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Mary Lou Guthrie

Age: 52


Number of Cruises: n/a

Cruise Line: Delta Queen

Ship: American Queen

Sailing Date: 10/97

Itinerary: Ohio River


Previous cruises - Royal's Crown Odyssey (Mediterranean), Cunard's Sagafjord (Alaska), American Hawaii's Independence (Hawaii), Princess' Golden Princess (Australia/New Zealand), and Danube Star (Danube River Cruise)

As you can see, our cruising experience, though not extensive, is somewhat varied - but we both agreed that our Steamboatin' trip was the most enjoyable and relaxing trip we have taken. The American Queen is the newest addition to the Delta Queen Steamboat Company's trio of sternwheelers (the others being the Delta Queen and the Mississippi Queen). She came into service in the summer of 1995. She is 3,707 tons, 418 ft. long and 109 ft. 5 in high (with the stacks fully extended) and holds 436 passengers. 

Our river cruise was along the Ohio River from Cincinnati, Ohio, to Pittsburgh, Pennsylvania. Our trip was booked through our local AAA (Cleveland) and they drove us to Cincinnati via motor coach. When we arrived at the dock in Cincinnati, a representative from the Delta Queen Steamboat Company came aboard to check our tickets. After that we boarded the boat, walked up the entrance staircase (Cabin Deck-2), through the Mark Twain Gallery and to the lobby where we signed a credit card slip and were given our keys. They also took the usual "Welcome Aboard" photo. We then went to our cabin (419 on Observation Deck-4), a Category B outside cabin. By the time we got there, our luggage had already been delivered. It was a very quick process. 

We quickly unpacked and then went to the dock to look for our "visitors". (Unlike the ocean liners, Delta Queen Steamboat Company allows passengers to bring guests aboard in every port.) My son lives in Cincinnati and my daughter in nearby Dayton, so we decided to all meet aboard the AQ to celebrate my son's birthday. We toured the boat and ended up with birthday drinks in the Engine Room Bar (Cabin Deck, aft). This bar has 6 portholes along the back wall and at night you can see the lighted paddlewheel churning through the windows. Also, if you want to hear some good banjo and piano music - this is the place!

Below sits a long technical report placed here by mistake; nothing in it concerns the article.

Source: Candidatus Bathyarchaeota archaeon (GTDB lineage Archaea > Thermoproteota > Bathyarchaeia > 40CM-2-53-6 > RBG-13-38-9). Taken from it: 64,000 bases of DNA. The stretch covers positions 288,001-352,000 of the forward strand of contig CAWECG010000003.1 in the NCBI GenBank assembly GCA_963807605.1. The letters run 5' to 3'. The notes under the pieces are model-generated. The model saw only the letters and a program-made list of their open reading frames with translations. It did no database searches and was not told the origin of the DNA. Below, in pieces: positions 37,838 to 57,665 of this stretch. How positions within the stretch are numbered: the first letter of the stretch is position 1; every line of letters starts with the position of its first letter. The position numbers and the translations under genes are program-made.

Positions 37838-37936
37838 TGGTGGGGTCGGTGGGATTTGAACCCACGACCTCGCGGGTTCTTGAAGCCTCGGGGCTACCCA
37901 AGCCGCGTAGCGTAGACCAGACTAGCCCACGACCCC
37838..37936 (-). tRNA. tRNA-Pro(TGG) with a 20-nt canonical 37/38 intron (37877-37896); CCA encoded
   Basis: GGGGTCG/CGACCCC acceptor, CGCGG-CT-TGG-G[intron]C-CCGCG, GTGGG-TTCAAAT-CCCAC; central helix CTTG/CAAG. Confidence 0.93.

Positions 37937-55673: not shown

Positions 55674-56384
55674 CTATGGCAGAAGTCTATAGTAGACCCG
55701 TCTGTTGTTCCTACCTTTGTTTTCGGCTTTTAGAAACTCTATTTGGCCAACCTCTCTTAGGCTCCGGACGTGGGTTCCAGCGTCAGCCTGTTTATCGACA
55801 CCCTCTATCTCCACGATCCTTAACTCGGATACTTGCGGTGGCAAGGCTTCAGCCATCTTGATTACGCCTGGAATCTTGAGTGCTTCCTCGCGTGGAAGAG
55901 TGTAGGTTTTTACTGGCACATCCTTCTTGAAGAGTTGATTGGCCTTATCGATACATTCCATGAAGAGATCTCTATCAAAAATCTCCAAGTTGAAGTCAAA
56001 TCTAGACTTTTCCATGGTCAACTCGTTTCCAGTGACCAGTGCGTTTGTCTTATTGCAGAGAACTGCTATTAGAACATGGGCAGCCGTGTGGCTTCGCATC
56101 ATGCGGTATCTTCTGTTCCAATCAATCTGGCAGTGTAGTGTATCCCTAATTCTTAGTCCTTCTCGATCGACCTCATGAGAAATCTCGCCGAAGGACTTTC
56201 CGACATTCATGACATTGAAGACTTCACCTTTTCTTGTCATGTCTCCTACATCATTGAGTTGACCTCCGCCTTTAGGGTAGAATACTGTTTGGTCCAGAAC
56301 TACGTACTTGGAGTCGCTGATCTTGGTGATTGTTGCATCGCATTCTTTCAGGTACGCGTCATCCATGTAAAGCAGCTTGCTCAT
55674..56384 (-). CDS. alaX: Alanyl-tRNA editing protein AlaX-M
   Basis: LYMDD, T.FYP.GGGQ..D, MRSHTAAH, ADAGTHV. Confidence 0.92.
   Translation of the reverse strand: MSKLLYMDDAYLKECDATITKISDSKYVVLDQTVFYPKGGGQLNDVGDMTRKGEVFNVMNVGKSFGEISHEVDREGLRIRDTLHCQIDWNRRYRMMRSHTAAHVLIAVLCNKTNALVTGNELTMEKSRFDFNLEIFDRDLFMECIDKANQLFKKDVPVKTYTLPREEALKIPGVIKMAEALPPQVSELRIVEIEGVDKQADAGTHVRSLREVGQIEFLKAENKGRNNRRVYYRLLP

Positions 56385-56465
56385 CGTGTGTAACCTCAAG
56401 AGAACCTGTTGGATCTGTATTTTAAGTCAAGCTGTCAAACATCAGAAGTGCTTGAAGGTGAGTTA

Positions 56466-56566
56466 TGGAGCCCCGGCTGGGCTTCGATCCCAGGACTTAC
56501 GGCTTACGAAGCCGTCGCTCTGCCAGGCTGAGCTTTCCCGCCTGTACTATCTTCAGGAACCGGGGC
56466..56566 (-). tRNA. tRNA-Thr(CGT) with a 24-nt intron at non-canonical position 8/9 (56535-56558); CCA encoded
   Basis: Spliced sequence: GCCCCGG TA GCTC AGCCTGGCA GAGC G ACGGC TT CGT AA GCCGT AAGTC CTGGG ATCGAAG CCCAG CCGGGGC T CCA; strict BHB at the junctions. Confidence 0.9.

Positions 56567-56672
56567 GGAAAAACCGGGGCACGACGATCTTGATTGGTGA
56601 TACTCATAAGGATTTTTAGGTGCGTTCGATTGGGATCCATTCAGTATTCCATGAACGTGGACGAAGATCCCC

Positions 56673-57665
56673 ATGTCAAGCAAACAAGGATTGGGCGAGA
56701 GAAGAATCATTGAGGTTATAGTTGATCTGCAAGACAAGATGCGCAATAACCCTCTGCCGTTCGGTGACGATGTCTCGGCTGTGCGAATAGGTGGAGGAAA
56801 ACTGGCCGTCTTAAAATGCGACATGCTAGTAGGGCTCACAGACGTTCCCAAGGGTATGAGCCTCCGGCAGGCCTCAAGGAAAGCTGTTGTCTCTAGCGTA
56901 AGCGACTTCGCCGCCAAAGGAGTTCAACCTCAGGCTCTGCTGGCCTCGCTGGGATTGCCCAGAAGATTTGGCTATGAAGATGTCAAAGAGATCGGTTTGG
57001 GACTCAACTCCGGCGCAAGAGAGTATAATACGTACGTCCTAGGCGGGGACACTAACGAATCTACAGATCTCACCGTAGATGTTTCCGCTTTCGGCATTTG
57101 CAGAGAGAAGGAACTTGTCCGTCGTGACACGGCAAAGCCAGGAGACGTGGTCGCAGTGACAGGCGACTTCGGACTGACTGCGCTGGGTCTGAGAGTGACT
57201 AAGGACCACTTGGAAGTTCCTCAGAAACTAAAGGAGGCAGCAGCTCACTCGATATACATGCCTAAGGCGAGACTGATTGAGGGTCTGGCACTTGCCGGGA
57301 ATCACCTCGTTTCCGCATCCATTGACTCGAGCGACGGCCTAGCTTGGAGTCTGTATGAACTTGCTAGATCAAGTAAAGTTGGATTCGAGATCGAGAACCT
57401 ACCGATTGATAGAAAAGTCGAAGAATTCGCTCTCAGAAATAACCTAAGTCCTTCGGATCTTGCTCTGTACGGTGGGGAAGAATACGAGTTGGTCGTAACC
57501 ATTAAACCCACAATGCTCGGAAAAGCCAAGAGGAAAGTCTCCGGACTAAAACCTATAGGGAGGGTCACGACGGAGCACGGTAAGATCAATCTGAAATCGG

Although this riverboat is only a little over two years old, the Victorian decor makes you feel as if you have been transferred back in time. The staterooms are decorated in beautiful antiques (or wonderful reproductions) and the floral wallpapers, coordinating bedspreads and lace curtains complete the picture. The telephone and modern bathroom facilities, however, remind you that this really is an up-to-date vessel.

Our cabin (419 - Observation Deck - 4) was a Category B - outside deluxe cabin. It was not large, but very comfortable. It had twin beds, 2 chairs, combination desk/dresser, radio (no TV) and a modern bath with tub/shower. Storage was adequate for our short 5-night trip but might not be for longer voyages. The lovely French-doors (with window shades for privacy and lace curtains) opened directly out to the deck. Although we were unable to reserve a balcony cabin, there were tables and chairs right outside our cabin for watching the sights along the river. We traveled with another couple who had the cabin next to us so we were able to get together right outside our cabins and plan our days and watch the other passengers walking by - something we couldn't do with a balcony.


The schedule aboard the riverboat is low key as compared to activities aboard the ocean liners. Every morning the "Riverlorian" (Clara Isenhour on our trip) gave a talk about different aspects of the river. I didn't think I would enjoy this but she was very interesting and we ended up going to every talk. (You could also hear these talks later in the day on the radio in your cabin.) 

Other activities aboard the AQ were Calliope Concerts, Trivia, Bingo, Pumpkin Carving Contest, Fancy Hat Contest, Kite Flying, Pilot House Tour, Galley Tour and movies. There also was a small exercise room.

Actually, one of the best activities was just watching the sights along the river. We were always able to see land and we passed many industries and small towns along the way. The AQ coming up the river is a big event and all along the way people came out to greet us. This was especially true when we were going thru the locks (we went thru 12 locks on this trip). The lock observation decks were always full of people waiting to see this beautiful boat. After we were completely into the lock, the calliope would play as we waited for the water to raise the boat. The music made an already interesting event even more enjoyable.